We’re excited to have our 2018 Speaker Series in full swing again! This year’s theme, Vancouver Noir, delves into the city’s salacious history of crime and corruption from the late 1920s to the early 1970s. To kick things off, our first speaker, Vancouver author, historian and Sins of the City tour expert, Jesse Donaldson, took us back in time to the late 20s during Vancouver’s heyday of crime and nefarious activities.
With a wealth of experience researching, writing and talking about this topic, Donaldson shared his insights on two of the city’s most captivating characters from the past, former Mayor, L.D. Taylor, and East Side kingpin, Joe Celona.
He began his presentation by highlighting the different backgrounds of the two men. Here are some tidbits the audience got to hear about:
L.D., short for Louis Denison, was born in Ann Arbour, Michigan, and emigrated to Canada in 1896 after a failed bank partnership resulted in accusations of embezzlement by the Chicago authorities. A fugitive on the run, he came to Vancouver to start anew.
Joe Celona, born as Giuseppe Florenzo immigrated to Canada in 1913 and moved to Vancouver in 1919.
Forty years apart, the two had many differences. For instance, Taylor was widely considered to be racist, while Celona was more or less colour blind in the running of his businesses, which included running brothels where interracial relationships were allowed.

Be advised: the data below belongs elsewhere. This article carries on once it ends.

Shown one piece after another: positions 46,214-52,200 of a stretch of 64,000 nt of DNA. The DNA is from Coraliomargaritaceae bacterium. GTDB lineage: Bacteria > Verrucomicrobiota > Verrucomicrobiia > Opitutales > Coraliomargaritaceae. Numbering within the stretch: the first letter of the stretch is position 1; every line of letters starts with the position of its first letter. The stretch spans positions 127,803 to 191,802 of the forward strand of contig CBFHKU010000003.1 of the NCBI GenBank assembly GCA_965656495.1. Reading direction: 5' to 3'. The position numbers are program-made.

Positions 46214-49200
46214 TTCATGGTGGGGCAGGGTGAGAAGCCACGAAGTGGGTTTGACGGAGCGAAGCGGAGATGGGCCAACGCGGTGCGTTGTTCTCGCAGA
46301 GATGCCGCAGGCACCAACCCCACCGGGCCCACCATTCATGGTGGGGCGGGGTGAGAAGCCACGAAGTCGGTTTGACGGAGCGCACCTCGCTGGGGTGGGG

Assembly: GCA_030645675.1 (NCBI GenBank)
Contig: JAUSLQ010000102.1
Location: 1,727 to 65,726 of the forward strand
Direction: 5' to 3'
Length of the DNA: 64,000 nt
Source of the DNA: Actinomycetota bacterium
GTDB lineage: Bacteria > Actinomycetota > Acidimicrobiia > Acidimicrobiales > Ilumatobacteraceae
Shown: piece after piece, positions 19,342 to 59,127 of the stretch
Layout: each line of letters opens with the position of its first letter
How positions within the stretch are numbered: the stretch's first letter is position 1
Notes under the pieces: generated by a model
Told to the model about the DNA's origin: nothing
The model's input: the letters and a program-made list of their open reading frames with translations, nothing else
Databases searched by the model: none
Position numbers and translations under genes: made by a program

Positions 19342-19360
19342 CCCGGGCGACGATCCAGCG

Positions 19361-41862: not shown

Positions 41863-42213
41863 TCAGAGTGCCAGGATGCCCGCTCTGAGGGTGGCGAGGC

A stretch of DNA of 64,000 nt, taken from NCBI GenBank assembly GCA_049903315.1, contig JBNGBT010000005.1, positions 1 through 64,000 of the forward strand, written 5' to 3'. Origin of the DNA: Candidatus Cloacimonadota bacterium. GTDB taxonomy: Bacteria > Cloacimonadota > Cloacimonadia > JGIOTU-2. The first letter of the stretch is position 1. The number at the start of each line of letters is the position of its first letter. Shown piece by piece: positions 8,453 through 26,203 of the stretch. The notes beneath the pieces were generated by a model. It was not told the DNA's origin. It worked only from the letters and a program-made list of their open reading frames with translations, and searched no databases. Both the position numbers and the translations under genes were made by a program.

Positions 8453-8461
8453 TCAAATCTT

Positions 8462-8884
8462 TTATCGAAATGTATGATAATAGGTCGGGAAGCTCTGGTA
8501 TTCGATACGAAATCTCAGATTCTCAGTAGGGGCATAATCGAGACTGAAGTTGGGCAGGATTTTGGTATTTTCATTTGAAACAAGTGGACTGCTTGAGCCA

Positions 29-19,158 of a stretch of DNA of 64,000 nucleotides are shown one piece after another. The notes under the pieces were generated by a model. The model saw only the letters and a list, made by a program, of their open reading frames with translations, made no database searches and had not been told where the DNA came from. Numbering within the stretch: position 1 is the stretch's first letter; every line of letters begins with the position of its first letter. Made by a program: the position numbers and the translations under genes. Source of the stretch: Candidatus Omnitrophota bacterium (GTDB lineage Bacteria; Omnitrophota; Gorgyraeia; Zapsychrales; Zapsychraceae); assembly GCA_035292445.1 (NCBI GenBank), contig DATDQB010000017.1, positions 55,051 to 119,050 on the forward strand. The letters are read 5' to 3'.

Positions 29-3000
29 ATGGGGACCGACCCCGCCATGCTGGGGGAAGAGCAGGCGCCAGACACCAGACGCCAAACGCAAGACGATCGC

No one really knows for sure how Taylor and Celona’s relationship started, but with Denison’s cigar penchant, and Celona’s cigar store sitting just across the street from city hall, the origins aren’t hard to imagine.
But, as the audience found out, this open town policy wouldn’t last forever. In 1928, both Taylor and Celona were on trial at the Lennie hearings that included 100 witnesses, 18 lawyers and many police officers. Some officers went on record saying they were forbidden from interfering in Celona’s operations, while others testified that the VPD was just a collection agency for vice operations; they would fine the underground establishments, but that’s all.
After the Lennie hearings, Taylor lost the 1928 election but bounced back to win the 1930 election. He then went on to serve two consecutive terms. But, by the end of his final term, the cracks in his corrupt city were starting to grow, and a determined prosecutor from the Lennie hearings, Gerald McGeer, ran a successful campaign against him and Celona in the 1934 election. McGeer pegged Celona as the vice kingpin and as a slaver to female morality, and labelled Taylor as corrupt beyond recognition.
McGeer won by a landslide and eventually, Celona was sentenced to 22 years in prison, while Taylor’s political aspirations came to a humiliating end.
This is where one of the most interesting aspects of the presentation surfaced. It was revealed that, despite both men suffering losses after the 1934 election, one of them would end up relatively wealthy in his final years, while the other would die in near poverty.
Though Celona was sentenced to 22 years, he was out in five. He continued to get arrested for running illegal houses of vice, but would somehow manage to soldier on until the early 1950s. Despite all his legal troubles, he died in 1958 a wealthy man with nearly $100,000 dollars to his name—roughly the equivalent of a million dollars in our modern day.
Taylor, on the other hand, was much older than Celona by the time the chips fell and could not recover from his electoral defeat. He tried to run for mayor again, but finished last, citing that his election bid was just as much for a paycheque as it was for serving the city. By 1937 he was almost broke and in his eighties. But, as Donaldson revealed, Taylor did have important well-wishers.